Having a spa in your backyard is a great way to relax and unwind. Whether it’s after a long day at the office, or you’re rehabbing some sore muscles, your hot tub is a welcome retreat. It really only has one job, and it’s right there in its name; be hot. Now during a hot south Louisiana summer, it needs little help to accomplish this goal, but during the cool fall and spring months, not to mention our brief, yet cold winter, your hot tub’s heater will be providing the heat. So what happens when you turn on your hot tub, but your hot tub’s heater doesn’t turn on? Here are few of the common reasons that your spa isn’t heating.
Check Your Hot Tub’s Thermostat
Just like inside your home, the temperature of the water in your hot tub is regulated by a thermostat. If the water is heating, or reaching your desired temperature, check your thermostat’s setting. If everything looks fine you can investigate further by inspecting the cord and probe for damage.
What is “Low Flow”?
A dirty filter can create “low flow” in your spa or hot tub. If you notice it isn’t heating as it should, remove and clean the filter to ensure that pressure and flow rate aren’t the issue. Flow issues can also be caused by a block spa drain, clogged pipes, closed valves, a clogged pump impeller, or simply low water level.
Check Your Hot Tub’s High Limit Switch
The high limit switch in your hot tub is similar to the pressure switch. This component is a part of the safety circuit. It is designed to prevent the heater from overheating. These switches are calibrated to shutoff at a predetermined maximum temperature. When this temperature is reached, the switch will open, breaking the circuit that powers the heater. Low water flow, incorrect voltage, and loose wire connections can all be causes for a high limit switch to malfunction; preventing the hot tub from properly heating.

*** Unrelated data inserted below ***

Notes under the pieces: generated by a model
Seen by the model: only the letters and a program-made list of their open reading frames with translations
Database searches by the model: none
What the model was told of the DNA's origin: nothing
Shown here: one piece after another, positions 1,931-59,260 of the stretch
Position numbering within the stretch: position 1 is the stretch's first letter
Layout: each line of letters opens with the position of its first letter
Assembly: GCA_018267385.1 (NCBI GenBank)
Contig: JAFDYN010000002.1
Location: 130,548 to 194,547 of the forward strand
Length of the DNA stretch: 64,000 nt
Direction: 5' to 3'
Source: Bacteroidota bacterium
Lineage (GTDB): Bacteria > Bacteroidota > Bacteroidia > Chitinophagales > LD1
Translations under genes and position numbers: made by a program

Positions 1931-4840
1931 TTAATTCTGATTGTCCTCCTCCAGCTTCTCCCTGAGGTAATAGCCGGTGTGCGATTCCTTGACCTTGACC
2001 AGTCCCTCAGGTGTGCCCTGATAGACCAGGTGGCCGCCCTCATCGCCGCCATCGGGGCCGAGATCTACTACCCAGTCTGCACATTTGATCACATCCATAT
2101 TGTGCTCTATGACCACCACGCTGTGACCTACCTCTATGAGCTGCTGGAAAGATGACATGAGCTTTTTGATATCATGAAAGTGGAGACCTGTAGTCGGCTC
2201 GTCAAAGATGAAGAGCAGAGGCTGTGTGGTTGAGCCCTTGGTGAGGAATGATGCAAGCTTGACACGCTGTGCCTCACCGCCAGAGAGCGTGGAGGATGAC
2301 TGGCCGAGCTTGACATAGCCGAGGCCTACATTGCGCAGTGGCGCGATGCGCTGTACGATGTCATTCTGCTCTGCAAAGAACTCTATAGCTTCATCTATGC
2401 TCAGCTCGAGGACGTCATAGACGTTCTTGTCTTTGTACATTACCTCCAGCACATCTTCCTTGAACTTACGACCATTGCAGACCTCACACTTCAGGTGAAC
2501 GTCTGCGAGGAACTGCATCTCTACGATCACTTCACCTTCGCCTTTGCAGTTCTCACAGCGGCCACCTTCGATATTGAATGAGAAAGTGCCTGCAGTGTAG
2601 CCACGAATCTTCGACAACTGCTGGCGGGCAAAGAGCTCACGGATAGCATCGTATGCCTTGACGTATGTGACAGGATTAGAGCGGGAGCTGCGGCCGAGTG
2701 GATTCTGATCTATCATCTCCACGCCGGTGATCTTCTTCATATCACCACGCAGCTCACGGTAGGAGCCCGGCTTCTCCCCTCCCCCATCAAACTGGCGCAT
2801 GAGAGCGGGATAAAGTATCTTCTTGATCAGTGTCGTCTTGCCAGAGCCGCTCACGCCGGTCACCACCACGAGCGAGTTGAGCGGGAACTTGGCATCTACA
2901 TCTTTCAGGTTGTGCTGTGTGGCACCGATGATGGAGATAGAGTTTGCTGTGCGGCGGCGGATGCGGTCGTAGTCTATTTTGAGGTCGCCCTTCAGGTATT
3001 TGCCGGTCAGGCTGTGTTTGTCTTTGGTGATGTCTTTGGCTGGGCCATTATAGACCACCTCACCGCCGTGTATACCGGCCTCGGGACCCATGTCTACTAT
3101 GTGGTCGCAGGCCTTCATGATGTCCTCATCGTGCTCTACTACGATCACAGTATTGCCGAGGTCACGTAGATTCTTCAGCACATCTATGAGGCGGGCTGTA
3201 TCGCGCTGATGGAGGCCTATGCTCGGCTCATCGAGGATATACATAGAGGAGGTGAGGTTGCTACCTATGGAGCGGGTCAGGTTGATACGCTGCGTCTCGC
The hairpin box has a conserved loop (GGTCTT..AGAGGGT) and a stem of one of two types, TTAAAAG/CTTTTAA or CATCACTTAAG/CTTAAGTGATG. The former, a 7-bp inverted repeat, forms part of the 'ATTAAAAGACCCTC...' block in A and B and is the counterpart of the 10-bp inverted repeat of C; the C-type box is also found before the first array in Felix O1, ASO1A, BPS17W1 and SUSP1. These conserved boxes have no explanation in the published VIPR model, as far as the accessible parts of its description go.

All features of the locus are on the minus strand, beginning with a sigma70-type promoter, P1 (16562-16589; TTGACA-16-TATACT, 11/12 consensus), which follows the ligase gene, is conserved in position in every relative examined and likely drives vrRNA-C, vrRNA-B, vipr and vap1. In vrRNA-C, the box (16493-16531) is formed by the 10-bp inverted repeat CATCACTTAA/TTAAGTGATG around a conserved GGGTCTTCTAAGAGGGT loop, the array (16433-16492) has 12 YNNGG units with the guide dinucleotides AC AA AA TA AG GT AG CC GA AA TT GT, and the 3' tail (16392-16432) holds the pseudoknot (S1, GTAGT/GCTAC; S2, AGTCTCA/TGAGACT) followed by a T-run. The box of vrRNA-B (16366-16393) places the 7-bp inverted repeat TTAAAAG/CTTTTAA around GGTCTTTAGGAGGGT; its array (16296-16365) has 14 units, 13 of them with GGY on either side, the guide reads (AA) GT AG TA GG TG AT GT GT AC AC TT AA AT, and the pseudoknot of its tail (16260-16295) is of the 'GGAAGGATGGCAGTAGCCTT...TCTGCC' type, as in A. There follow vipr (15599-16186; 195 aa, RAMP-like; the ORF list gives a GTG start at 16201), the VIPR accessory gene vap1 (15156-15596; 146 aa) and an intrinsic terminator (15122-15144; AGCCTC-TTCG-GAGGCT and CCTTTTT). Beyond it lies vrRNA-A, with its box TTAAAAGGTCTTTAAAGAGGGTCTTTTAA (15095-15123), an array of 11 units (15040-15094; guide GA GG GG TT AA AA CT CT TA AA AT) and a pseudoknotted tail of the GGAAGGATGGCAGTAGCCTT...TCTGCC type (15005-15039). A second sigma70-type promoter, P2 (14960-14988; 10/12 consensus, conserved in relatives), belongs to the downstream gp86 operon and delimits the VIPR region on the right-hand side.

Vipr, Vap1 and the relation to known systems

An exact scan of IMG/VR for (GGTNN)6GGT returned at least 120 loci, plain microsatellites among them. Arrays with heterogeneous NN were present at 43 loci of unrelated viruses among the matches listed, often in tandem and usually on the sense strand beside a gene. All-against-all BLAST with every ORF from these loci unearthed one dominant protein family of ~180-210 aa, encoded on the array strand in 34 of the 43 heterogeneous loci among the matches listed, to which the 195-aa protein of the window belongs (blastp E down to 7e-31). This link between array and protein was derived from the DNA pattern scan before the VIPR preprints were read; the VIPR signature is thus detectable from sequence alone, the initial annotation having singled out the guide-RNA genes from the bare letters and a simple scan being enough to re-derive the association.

Hot Tub Wires, Fuses, and Breakers
Like with any machine that runs on electricity, the components that complete and power the circuits generating the power need to be intact and functioning. While these problems can be frustrating, they can also be simple to fix. Make sure that all connections are tight and not oxidized. Check for blown fuses. Check you GFCI to see if it is tripped.
Dirty Hot Tub Heating Elements
The heat that makes your hot tub hot is generated by its heating element. These elements are susceptible to scale buildup, shorts, and can burn out quickly if not surrounded by cooling water. Scale buildup can reduce its heat output. You can also use a test meter to measure the ohms that the element is producing. 9-12 ohms is good output for your heating element.
Lucas Firmin Pools builds, maintains, and services custom pools, hot tubs, and spas in the Baton Rouge area. If your hot tub isn’t heating, or its time to update or upgrade your pool or spa, the expert team at Lucas Firmin Pools is here to help.